Buffalo Mayor Who Lost to Socialist India Walton Can’t Be on Ballot, Court Rules

A federal appellate court and federal appeals court both ruled Thursday that Buffalo Mayor Byron Brown can’t appear on the mayoral ballot in November. Brown has attempted to launch a third party campaign after losing the Democratic primary to socialist India Walton.

The twin defeats mean that Brown officially cannot appear on the ballot, though he may still continue to urge supporters to write him in. Although Brown’s campaign had penned a petition to allow him to appear on the ballot, they turned in the petition months after the deadline to appear as a third party candidate had passed.

“We are very glad the Fourth Department [appellate court] has upheld the rule of law. Buffalo voters deserve clear, transparent election laws,” said Walton in a statement. “If everyday Buffalonians are late on rent, parking fees, or school assignments, they face consequences. There is no reason the rules should not apply to my GOP-backed opponent as well.”

Brown’s campaign had argued that not allowing his name to appear on the ballot was unconstitutional and would be violating voters’ right to choose.

The Erie County board of elections argued in response that Brown’s challenge, if successful, would sow “chaos.” If Brown, the incumbent mayor, was allowed to file to appear on the ballot so far after the deadline had passed, then there would be no reason to not accept other late entries to the ballot — essentially nullifying the deadline.

Brown and many of the establishment Democrats in the area have been fighting fiercely to keep Walton from winning the mayorship. After Walton won the mayoral primary in June, Brown refused to accept defeat, evoking Republican strategies to undermine the legitimacy of the election.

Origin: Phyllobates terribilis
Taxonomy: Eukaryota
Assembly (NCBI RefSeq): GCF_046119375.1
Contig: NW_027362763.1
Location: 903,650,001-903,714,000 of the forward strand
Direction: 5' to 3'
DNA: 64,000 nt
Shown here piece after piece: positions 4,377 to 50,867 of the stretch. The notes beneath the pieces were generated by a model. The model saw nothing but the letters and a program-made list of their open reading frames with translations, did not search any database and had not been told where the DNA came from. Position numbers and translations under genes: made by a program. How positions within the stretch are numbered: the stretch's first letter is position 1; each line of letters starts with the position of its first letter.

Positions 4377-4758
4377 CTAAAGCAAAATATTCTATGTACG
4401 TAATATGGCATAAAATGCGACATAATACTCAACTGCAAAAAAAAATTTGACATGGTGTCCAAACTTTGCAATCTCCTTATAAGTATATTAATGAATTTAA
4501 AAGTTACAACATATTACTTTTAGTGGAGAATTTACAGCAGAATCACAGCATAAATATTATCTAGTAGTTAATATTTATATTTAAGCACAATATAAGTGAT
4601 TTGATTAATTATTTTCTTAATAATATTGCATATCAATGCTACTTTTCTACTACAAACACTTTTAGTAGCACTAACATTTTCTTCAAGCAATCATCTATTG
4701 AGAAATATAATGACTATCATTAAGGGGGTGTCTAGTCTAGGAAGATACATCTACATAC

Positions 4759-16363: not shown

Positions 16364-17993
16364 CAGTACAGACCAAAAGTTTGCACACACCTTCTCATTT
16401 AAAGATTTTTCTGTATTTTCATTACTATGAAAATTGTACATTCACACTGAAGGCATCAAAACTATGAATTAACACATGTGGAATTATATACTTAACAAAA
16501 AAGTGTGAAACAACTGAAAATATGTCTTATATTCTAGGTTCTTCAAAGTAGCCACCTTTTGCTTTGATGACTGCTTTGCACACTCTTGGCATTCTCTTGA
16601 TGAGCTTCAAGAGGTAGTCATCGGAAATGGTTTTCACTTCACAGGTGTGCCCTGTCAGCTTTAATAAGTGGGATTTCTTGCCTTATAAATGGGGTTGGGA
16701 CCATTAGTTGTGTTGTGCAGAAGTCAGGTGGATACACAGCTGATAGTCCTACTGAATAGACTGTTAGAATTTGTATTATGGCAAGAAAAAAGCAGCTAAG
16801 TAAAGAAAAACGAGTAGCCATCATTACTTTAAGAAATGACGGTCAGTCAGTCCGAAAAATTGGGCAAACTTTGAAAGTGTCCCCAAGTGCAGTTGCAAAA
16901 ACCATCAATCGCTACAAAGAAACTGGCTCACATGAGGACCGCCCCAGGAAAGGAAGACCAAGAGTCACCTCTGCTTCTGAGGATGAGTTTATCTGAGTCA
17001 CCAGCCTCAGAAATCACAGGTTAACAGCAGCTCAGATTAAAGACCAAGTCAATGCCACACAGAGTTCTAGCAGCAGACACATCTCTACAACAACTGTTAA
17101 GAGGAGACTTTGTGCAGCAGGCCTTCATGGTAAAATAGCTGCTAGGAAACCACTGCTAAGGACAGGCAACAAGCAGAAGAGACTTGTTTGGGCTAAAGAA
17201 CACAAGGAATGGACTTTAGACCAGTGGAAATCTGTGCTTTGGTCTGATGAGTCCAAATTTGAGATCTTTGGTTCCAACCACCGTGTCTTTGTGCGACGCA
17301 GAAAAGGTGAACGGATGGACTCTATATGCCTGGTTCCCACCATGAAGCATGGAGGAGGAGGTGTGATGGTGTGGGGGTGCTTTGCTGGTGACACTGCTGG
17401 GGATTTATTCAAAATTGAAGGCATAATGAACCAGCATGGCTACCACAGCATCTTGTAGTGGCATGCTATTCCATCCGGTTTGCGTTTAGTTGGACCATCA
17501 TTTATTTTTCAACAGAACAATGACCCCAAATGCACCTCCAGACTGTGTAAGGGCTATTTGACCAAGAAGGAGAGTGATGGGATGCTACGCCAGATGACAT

Deep-pocketed corporate interests and donors pounced on Walton’s win, pouring money into Brown’s campaign and fearmongering about socialism.

Meanwhile, establishment Democrats like longtime Brown ally and disgraced former New York Gov. Andrew Cuomo aligned themselves against Walton. Democratic leaders on Buffalo’s Common Council went to extreme lengths, exploring the possibility of axing the mayorship entirely just to avoid having Walton become mayor.

Meanwhile, Brown even courted Republicans and right-wing elements to sign the petition for his third party bid. Local news outlets also tried digging up skeletons in Walton’s closet, publishing negative claims without evidence.

“Today is a great day,” Walton said in a video after the appellate court’s decision. “But we still have a ways to go. This is going to be a huge fight. They’re spending tons of money slandering me in ads.”

Brown will likely still continue to run his write-in campaign, which he launched just days after he lost the primary against Walton.

Walton has run on a campaign of transparency around public safety and divesting from police departments. If she wins in November, she will be the first socialist mayor of a major U.S. city in over 60 years.